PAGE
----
Nathan Wilson portrays Luis Olsen, in the movie LOON LAKE, Olsen had originally lived in LOON LAKE, but moved to the city, he decides to move to a farm that is owned by a friend. He has recently lost his wife and decides that he needs a change of environment to put his mind straight after her passing. He was conscious of the legend of LOON LAKE when he left and about Mary Jane Terwillinger, who in the 1880’s was killed because it was said that she was a witch. The legend also states that anyone stepping on the place where she is buried will disturb her spirit and suffer after three days a horrible and unnatural death.


Olsen arrives at the farm and it is not long before he discovers more stories of Trewilliger and it dawns upon him that he might have become effected by something that this witch might has done. A series of events begin to occur that make Olsen begin to wonder if the death of his wife has affected him more than he thought and maybe he is having a mental breakdown of some sort. He begins to hear things such as footsteps in the basement of the house, but when he goes into the basement to investigate, there is no one there and then he hears the footsteps on the floorboards above him. He tries to be rational and maybe thinks that because he has recently heard of the sorceress that his mind is playing tricks on him. The movie works well in transporting the audience back and forth between the present and the 19th Century, And when we are in the 19th century, it is unclear if Trewilliger is actualy a witch or has just been labelled one by the local priest, portrayed by David Selby, who is also cast as Olsen’s neighbour in the present.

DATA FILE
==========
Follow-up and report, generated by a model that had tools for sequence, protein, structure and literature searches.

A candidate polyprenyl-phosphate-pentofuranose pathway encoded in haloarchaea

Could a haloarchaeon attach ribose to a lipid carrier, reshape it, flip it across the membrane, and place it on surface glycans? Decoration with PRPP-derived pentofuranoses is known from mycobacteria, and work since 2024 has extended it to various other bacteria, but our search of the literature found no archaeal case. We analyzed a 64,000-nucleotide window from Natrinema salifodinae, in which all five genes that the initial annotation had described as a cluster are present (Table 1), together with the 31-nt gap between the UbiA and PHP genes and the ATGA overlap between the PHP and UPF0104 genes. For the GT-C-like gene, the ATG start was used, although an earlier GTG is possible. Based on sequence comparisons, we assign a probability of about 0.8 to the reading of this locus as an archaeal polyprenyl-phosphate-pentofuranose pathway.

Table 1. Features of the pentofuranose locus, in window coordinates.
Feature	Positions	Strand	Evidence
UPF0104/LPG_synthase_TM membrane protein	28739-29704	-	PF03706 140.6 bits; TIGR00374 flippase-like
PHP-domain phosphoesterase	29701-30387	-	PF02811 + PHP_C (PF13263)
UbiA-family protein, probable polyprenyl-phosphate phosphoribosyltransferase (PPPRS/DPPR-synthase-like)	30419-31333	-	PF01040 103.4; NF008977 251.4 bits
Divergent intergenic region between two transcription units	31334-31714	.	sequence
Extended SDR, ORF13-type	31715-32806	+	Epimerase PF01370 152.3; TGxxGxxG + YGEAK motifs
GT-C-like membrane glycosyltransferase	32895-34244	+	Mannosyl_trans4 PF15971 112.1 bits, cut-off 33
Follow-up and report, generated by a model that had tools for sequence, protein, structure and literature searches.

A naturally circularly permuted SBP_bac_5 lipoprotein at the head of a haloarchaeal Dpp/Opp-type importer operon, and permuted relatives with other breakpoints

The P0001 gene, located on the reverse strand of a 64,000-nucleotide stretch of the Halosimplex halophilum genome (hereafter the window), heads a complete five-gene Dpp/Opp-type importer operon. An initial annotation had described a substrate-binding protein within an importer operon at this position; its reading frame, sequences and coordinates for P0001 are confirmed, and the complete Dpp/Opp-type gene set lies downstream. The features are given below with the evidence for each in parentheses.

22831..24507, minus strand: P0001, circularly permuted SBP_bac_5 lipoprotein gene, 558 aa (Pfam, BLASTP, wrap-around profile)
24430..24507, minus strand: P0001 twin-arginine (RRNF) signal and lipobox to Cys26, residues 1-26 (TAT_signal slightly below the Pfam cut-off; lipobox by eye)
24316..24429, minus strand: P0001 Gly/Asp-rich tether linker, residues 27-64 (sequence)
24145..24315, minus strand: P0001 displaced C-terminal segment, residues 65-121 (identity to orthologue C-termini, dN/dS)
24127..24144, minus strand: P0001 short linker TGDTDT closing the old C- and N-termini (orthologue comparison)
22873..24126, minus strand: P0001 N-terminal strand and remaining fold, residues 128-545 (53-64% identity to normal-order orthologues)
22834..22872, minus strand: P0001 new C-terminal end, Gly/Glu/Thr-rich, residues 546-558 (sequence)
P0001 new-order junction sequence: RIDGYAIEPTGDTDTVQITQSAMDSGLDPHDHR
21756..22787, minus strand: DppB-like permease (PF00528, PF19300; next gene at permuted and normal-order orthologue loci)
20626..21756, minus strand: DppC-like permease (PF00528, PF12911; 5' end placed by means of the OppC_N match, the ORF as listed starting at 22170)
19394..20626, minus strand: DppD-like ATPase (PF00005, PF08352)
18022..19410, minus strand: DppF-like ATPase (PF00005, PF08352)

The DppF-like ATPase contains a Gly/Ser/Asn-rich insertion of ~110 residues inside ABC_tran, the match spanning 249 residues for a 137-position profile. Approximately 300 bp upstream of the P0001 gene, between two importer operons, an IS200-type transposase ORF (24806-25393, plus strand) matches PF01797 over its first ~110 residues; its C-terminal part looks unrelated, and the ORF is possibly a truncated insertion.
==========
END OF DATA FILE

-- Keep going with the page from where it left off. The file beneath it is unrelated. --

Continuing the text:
It could be that the priest was spurned by Trewillinger for his advances towards her and is persecuting the woman and this is all down to a spiteful revenge. It never really gives away many clues as to what the outcome will be, and I certainly am not going to tell you, watch the movie and make up your own minds. Directed by Ansel Faraj, this is an interesting, entertaining, and absorbing tale. The musical score, is superbly done by composer Bill Wandel, it is a fusion of both symphonic and synthetic, the composer balancing the mix wonderfully, with at times it being difficult to distinguish between conventional and electronic. It is a well written work, and works for the movie in so many ways, it is one of those scores that is also easy to enjoy and savour without watching the movie, I felt at times there were little references to the style of maybe Pino Donaggio, especially in the way the string section is employed, although essentially a horror movie, it is not all atonal or bangs and crashes that we hear on the soundtrack, there are numerous pieces and interludes that are filled with a melodic air or are based upon thematic material that has to it a romantic and beguiling atmosphere. I think at times the composer employs a less than challenging or foreboding style that one would expect within a horror picture, which is in many ways more effecting, because it eases the audience into a mind set of everything being calm, but then as we see it is not.

I think that they call this scoring away from the scenes content, ie; if its violent then underline it with something that is soothing or even calming, which in turn will elevate the scene to greater heights dramatically and visually giving it more of an impact. Either way this I think is a very good score, I just loved it and returned to it a few times, to soak in all of the atmospheres that were oozing from it. It’s a score I would recommend without reservation, one to add to the collection.


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